A woman comes to the U.S. from Latin America to escape her shady past, only to fall into a new shady life. After a go at the adult entertainment business, Maria marries a drug lord and her dangerous past is nothing compared to her new life in America. The drug lord's son, Gorgo, secretly falls in love with her and he watches over her like a guardian angel. Danger and corruption (and of course sex) drive the first half of this love story.
Long-time Love and Rockets readers will find the storyline familiar... and that’s because, in an Adaptation-style meta twist, Maria M. is actually the B-movie film adaptation of the life story of Luba's mother Maria, as previously seen in its "real" version in the classic graphic novel Poison River (available in the Beyond
Palomar collection) — starring Maria's own daughter playing her own mother.
Confused? Don't be! Maria M. works perfectly on its own terms as the kind of violent, sexy pulp tale that Gilbert
Hernandez has proven so adept at these past several years, and the "source material" for the story just provides an extra layer of delight for the cognoscenti.
"I picture Gilbert Hernandez approaching his drawing board these days like Lawrence of Arabia approaching a Turkish convoy: 'NO PRISONERS! NO PRISONERS!'" – Sean T. Collins, Robot 6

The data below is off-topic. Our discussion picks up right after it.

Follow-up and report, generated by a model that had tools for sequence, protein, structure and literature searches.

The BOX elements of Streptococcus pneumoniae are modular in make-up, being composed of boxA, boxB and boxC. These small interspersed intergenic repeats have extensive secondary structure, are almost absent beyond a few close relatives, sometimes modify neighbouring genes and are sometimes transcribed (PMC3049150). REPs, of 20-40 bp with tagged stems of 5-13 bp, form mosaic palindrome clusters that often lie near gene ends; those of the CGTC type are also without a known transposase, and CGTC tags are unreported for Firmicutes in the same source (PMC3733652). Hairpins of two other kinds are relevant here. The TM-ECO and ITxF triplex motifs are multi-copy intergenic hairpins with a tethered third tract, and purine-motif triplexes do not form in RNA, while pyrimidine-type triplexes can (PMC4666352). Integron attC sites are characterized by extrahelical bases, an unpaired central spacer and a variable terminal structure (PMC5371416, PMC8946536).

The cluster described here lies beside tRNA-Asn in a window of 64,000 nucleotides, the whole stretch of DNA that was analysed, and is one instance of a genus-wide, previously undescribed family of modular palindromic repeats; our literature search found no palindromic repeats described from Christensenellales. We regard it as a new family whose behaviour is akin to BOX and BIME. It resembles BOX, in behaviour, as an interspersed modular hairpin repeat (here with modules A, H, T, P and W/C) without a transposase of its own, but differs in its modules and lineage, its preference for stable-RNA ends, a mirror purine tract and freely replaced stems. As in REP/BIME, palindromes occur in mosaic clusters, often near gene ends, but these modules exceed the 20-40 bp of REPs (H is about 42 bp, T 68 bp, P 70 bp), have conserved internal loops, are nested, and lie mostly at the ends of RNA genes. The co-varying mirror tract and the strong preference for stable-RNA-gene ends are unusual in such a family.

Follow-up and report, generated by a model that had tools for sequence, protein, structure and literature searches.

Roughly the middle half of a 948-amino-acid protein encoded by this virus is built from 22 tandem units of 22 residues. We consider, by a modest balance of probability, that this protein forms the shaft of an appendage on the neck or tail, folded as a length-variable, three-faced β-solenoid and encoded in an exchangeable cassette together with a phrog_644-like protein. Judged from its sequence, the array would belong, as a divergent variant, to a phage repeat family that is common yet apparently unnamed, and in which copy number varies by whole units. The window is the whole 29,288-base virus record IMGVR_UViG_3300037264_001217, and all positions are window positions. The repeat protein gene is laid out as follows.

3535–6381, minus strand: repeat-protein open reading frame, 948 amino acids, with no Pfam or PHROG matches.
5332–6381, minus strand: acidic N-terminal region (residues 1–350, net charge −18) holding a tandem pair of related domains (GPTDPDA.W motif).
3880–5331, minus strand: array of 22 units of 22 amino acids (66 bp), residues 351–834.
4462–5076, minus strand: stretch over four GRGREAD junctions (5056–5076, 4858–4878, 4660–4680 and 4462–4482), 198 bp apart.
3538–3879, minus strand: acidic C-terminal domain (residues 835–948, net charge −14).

"Gilbert Hernandez is one of the great craftsmen of modern comics... Hernandez’s new Fritz book, Love from the Shadows, is as bracing as a slug of bottom-shelf rotgut.... Hernandez artfully approximates the broad, thrilling badness of late-night movies and their inept special effects, and uses it as an excuse to show off some of his gifts: spacious compositions built around texture as well as forms, pauses heavy with foreboding, a sense of body language and facial expressions so acute that we can recognize both the story’s characters and the 'actors' playing those characters." – Douglas Wolk, The New York Times Sunday Book Review
"[Gilbert] Hernandez’s latest book Love from the Shadows is a confounding hybrid, inserting Love and Rockets’ watermelon-chested, lisping Fritz into a violent dream-novel that combines the fluid reality of Luis Buñuel with the two-fisted crime sagas of Jim Thompson. ...[T]he beauty of comics as a medium is that it invites re-reading; and Hernandez’s mastery makes Love from the Shadows easy to pore back over, savoring how its meaning shifts from page to page." – Noel Murray, The A.V. Club
"The outlandish plot piles double-crosses upon double-crosses, leading up to an over-the-top,
apocalyptic denouement. It’s pulpy fun that, appropriately, has the dashed-off, anything-goes spirit of
a straight-to-video caper flick. The cinematic feel is accentuated by Hernandez’s use of uniformly sized
panels matching the proportions of a wide-screen film. While this self-imposed restriction limits the
artist’s visual flourishes, it accentuates his other graphic strengths—powerfully bold compositions, vivid
character design—as well as serving to ground the often-hyperbolic goings-on."
– Gordon Flagg, Booklist
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